However, the folks that are really concerned, and truth be told, they have a right to be, are the PE teachers.  They probably see, more than any of us, the bullying and teasing that goes on with large groups of kids and they are foreseeing a lot of trouble with cell phones (specifically cell phone cameras) in the locker rooms.  Let's face it, kids this age aren't exactly good at making decisions and they can be horribly mean to each other.  It's simply a matter of time before one of these knuckleheads takes a video or photo of someone in the locker room (in a state of undress) and then we'll find it texted to all their friends and posted on YouTube within minutes.   I can see how a very shy seventh grade girl (Crying Girl comes to mind) would have a complete melt-down if something like this happened to her.  It's vicious, it's mean, and it's so middle school.

I'm sure the school board thought that they'd be making their lives easier by eliminating the parents who were complaining that kids got write ups for cell phones that dropped out of pockets and fell out of purses.  However, I'm not sure they'll be prepared for the wrath of a parent of a kid who is cyberbullied as the result of cell phones in the school.  We have enough trouble with cyber-bulling as it is.

Friday, August 05, 2011


I don't know if I've finally figured out what I'm doing, or if the stars were just aligned right, or if someone up there just loves us, but this was the smoothest, and best, first day of school we've ever had at The School.  And this, despite the fact that PowerSchool has been very cranky as of late and was going up and down all morning long.  Our phones worked, the kids all had schedules, and everyone pretty much showed up where they were supposed to.

Now the schedule thing may not seem like a big thing to some folks, but being able to give a kid a schedule, listing classes and teacher names, is like gold.  For one thing, the parents want to see it.  And for another, it makes a kid feel important.  One of our aides had a son starting middle school across town and his schedule had his name on it, and nothing else - no one could figure out where he was supposed to go.  And from what he said about the lines in the guidance department, he was not alone.  (And he was NOT happy, either.)  Our guidance department seemed almost empty, especially compared to what a busy place it can be some days.

The two Criers that my team was bequeathed did quite well.  Both of these kids, Crying Boy and Crying Girl are painfully shy and very attached to their Mom's and Do Not Want to Be at School.  I had guidance put them both in Mrs. Reading-Mom's class because she's the warm, cuddly type (and is back from maternity leave, we missed her!) and she'd do well with them.  The good news is that neither cried today, and Crying Girl actually got up and participated in a "getting to know you" activity.  A huge accomplishment considering both these kids spent a lot of time in guidance just sobbing their eyes out.  (I actually know Crying Girl because she's in our Board Game Club - and she'd sit there and cry for whatever reason - she can never really give you one - but she'd come every week and once she got over the tears, she played games and made a few friends.)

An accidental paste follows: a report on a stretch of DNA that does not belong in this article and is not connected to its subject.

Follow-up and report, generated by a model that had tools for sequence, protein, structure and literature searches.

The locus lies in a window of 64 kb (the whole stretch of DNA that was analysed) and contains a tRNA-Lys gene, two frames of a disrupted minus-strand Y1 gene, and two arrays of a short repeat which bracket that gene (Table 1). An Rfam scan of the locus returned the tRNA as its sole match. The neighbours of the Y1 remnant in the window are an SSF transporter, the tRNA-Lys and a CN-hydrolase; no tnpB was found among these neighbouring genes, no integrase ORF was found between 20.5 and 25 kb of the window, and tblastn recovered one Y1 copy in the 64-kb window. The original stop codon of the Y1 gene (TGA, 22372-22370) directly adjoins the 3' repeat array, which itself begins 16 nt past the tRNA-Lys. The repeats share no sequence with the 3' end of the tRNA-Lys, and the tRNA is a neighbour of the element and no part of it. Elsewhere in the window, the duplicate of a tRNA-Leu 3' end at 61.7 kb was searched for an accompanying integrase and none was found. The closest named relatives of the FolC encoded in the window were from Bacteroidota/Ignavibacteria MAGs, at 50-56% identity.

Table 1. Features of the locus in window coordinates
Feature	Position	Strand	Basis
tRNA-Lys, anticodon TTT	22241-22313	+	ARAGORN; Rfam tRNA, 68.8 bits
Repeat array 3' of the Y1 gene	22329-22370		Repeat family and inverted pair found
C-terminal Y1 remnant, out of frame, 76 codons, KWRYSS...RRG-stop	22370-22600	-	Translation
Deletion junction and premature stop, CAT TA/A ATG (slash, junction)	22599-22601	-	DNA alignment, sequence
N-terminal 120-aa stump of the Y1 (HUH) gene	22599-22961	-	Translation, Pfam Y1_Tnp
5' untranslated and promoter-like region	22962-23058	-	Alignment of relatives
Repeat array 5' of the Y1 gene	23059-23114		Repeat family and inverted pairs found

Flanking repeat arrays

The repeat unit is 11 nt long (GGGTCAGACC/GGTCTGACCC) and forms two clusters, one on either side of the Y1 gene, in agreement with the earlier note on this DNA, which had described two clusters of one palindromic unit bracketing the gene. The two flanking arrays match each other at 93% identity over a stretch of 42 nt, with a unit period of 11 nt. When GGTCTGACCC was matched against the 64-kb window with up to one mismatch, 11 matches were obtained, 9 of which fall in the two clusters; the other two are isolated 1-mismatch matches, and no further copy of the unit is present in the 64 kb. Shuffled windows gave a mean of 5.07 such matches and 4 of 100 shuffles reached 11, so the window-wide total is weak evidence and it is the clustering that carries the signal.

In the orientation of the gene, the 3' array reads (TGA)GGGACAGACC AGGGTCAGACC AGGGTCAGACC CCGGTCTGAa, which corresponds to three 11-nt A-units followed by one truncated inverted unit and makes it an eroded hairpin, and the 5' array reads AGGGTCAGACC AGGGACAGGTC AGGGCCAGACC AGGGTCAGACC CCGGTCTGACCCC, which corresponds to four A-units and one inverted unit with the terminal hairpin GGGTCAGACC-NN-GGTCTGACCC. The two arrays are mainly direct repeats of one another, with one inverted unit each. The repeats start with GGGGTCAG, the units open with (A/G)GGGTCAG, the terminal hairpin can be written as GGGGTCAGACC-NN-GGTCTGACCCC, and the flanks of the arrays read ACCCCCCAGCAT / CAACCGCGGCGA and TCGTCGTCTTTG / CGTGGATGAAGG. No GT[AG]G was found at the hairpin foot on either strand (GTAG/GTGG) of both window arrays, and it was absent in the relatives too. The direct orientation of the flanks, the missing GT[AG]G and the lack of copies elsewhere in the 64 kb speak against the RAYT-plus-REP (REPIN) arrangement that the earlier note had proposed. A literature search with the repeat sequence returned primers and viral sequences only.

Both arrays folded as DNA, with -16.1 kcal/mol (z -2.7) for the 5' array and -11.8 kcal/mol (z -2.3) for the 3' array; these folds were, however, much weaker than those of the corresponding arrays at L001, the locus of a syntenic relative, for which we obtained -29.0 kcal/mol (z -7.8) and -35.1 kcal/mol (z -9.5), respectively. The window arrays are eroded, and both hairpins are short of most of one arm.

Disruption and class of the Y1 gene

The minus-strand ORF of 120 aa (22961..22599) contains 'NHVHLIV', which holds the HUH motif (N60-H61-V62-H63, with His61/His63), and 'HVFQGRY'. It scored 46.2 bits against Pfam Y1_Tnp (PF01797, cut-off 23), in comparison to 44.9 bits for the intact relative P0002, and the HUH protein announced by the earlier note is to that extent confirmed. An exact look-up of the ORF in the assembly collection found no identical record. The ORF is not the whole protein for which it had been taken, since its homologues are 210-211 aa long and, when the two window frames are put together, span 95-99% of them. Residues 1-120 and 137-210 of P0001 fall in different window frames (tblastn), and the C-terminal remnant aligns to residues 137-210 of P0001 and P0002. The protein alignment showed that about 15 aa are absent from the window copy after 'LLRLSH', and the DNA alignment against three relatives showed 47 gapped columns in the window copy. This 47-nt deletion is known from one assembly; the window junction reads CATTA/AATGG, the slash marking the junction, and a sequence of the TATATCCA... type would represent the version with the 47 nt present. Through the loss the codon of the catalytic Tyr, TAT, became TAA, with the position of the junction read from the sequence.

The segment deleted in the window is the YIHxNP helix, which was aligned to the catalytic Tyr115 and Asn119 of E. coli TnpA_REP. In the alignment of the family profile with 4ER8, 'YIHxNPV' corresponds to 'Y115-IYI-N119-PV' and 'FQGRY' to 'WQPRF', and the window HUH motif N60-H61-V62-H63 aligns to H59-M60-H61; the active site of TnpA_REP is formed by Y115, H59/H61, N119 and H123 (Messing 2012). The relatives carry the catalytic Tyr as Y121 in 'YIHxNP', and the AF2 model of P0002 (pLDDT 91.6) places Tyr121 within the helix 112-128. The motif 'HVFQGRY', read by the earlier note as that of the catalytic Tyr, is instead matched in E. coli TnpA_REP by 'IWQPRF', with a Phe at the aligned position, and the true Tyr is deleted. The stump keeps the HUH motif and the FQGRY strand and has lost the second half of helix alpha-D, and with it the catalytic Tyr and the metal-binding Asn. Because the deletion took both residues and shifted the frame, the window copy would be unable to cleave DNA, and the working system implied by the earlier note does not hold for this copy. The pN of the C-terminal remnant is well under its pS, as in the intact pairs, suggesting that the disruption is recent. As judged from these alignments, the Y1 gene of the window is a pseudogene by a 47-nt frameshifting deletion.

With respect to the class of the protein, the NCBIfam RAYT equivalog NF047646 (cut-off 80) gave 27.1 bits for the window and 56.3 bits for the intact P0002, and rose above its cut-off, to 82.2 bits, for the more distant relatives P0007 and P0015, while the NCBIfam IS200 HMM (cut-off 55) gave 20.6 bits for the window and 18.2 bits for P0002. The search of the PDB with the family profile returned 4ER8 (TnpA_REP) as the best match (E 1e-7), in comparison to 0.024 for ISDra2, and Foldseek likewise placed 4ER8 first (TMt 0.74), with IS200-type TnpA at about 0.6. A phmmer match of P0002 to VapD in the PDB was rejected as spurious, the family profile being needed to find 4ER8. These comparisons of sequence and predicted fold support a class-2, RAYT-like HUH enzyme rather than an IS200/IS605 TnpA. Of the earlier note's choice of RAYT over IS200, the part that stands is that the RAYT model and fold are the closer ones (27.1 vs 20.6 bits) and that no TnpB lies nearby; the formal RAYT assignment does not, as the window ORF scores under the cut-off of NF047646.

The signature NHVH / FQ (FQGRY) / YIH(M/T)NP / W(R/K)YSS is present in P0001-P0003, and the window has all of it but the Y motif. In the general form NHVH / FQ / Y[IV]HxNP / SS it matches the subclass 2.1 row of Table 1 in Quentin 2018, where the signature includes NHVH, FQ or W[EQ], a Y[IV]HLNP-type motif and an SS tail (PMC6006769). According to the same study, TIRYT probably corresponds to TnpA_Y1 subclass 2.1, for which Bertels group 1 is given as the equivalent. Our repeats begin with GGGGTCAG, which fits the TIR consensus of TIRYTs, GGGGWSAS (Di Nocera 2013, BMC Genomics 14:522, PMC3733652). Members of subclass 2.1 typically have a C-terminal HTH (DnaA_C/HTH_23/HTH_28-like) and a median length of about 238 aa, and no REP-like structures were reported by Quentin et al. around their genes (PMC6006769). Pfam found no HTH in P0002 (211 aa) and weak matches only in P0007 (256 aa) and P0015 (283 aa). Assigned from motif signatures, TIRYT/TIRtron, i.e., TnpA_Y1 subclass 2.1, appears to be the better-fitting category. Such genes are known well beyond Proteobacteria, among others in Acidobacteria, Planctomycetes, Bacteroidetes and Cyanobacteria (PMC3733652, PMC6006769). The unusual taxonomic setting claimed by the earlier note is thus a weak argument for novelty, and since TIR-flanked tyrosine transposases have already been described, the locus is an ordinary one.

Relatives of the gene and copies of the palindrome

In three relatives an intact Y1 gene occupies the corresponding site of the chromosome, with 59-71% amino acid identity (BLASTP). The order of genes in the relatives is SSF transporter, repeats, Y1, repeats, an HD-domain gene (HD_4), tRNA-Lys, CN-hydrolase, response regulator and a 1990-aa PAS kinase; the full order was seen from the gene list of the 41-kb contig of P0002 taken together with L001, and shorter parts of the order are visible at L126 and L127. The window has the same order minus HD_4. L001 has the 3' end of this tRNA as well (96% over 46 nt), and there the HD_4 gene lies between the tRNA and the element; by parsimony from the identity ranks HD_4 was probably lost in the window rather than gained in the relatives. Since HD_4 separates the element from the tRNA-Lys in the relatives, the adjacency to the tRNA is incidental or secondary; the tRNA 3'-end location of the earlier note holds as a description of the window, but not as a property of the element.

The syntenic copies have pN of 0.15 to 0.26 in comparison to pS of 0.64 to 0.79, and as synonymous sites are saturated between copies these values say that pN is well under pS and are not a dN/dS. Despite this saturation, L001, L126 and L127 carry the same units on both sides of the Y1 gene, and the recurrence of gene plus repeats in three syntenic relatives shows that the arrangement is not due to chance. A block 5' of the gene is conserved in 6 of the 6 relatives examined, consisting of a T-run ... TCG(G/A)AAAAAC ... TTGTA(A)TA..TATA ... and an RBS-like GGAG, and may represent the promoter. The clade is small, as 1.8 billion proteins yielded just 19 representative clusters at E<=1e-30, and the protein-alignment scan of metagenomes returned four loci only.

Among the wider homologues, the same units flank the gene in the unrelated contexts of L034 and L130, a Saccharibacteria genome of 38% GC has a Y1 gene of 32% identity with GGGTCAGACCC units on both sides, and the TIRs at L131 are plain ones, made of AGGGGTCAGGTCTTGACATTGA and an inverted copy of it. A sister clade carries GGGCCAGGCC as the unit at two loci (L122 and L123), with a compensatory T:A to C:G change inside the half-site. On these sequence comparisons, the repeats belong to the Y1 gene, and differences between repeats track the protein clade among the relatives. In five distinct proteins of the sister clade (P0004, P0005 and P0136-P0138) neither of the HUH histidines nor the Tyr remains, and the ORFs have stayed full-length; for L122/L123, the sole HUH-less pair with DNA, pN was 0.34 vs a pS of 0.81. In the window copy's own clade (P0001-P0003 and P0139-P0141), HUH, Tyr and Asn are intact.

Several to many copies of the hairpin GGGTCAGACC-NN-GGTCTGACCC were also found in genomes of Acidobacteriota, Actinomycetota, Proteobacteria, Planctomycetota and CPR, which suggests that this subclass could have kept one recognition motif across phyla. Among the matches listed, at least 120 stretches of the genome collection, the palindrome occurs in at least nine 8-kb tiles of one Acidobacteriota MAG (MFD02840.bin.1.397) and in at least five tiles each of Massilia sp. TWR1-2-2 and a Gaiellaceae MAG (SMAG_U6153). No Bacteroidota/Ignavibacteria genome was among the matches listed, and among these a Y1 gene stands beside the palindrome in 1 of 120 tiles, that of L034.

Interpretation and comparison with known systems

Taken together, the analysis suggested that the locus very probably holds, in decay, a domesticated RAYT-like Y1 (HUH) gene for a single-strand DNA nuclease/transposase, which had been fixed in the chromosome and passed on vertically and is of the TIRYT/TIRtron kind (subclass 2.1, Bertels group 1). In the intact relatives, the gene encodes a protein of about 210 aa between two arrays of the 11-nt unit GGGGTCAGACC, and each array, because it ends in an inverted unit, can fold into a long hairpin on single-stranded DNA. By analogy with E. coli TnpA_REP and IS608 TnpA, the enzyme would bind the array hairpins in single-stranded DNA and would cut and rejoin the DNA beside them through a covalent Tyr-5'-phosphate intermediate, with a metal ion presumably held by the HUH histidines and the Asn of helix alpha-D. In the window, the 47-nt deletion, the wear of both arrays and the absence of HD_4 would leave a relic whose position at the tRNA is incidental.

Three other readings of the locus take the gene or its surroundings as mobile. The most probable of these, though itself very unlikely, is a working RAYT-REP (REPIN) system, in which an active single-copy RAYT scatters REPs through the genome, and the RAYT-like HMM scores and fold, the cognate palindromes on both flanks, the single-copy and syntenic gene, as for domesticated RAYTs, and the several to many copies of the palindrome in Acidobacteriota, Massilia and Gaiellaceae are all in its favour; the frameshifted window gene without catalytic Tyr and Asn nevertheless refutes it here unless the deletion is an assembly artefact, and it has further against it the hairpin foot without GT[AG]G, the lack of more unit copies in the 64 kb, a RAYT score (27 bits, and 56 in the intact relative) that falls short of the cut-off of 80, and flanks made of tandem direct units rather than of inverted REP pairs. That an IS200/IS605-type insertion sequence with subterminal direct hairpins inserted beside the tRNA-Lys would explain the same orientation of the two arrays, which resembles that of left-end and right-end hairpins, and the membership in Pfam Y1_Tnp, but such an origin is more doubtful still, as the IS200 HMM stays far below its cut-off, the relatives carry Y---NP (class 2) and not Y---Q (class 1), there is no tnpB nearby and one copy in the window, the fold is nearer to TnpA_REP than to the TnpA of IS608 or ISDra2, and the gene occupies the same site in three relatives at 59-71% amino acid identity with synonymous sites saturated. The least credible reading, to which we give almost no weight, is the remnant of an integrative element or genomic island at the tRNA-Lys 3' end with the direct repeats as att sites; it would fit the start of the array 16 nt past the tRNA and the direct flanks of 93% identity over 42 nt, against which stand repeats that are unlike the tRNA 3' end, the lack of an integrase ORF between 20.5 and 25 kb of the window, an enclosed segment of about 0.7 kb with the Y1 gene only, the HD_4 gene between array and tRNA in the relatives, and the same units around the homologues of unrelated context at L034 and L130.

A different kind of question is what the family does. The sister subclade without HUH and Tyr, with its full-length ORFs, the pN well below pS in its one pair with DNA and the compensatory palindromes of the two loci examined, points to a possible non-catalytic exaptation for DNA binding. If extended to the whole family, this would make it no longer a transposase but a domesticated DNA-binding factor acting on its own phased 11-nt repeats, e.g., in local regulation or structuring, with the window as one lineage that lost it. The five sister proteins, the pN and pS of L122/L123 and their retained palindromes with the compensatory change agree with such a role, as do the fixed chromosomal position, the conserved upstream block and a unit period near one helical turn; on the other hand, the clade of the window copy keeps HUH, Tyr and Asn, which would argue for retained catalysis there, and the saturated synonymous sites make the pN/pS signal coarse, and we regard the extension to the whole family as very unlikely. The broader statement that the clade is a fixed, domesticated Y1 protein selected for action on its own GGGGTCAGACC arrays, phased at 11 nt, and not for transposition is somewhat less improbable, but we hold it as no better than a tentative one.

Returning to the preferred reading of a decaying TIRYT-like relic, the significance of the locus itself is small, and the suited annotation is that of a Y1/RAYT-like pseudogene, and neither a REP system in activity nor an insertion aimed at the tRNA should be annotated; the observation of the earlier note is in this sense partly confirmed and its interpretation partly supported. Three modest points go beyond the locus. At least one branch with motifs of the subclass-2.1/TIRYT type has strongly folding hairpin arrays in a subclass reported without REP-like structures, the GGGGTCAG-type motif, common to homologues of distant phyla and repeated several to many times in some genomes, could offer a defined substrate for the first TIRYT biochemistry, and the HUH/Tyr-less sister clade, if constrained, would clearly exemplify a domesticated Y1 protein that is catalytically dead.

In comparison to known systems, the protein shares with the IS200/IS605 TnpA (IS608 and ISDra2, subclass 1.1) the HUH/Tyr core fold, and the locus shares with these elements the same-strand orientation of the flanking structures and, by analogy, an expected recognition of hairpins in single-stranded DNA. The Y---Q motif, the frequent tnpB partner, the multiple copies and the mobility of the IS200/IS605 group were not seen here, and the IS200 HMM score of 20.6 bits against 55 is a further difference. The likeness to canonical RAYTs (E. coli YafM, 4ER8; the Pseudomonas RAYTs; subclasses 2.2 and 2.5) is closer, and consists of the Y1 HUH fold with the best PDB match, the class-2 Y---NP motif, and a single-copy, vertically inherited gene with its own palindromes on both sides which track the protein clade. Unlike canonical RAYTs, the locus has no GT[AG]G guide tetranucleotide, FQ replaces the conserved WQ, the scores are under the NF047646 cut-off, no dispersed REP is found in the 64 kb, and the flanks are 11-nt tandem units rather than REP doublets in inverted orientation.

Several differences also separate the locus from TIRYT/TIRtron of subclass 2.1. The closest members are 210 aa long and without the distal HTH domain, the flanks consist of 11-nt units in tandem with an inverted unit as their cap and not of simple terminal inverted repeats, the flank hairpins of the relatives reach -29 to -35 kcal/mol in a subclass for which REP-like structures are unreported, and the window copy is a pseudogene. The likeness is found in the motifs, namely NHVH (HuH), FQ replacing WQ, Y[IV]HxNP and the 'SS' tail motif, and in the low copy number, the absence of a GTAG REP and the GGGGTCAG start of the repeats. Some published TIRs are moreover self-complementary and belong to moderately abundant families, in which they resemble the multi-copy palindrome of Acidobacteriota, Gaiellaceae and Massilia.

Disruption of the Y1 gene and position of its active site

My home room of 26 kids ended up with 24 showing up...which is pretty good.  They all seemed bright and happy to be there - none of the eye-rolling 'tude I got from my kids last year.  In fact, Mrs. Eagle and I both commented that these kids seemed more like kids, not like the twelve-year-olds going on 32 we had last year.  They were quite a bit of fun.   Chatty, but they got the message pretty quick over when to talk and when to shut up.  I actually had fun with them today, and believe me, there are years when it's almost torture to get through this first half day.

But then again, it's the honeymoon.  We'll see how they are by the end of next week.

But we can always hope, can't we?

Thursday, August 04, 2011

Down to the Wire

So tomorrow is the First Day of School With the Kids (keep in mind, many of us have already been in and around the building since mid-July).  It's a half day and we only get our homeroom kids, and that in itself is a challenge.

Having a bunch of kids for three and a half hours is a bit, well, boring.  For me, as well as for them.  Keep in mind, we're used to 45 minute class periods.  So, in between all the mandatory blah, blah, blah, I've got some fun activities planned that hopefully will get the little darlings out of their seats and moving around and getting to know each other.  (It still kills me that kids actually can sit next to each other for a freaking year and still not know each other's names.)  Hopefully all the talk about code of conduct, and cell phone policy (changing this year and no one is happy about it), and clubs, and rules, and where the bathrooms are and all that very important but dreadfully dull stuff (especially if you are 12) won't drive us all around the bend.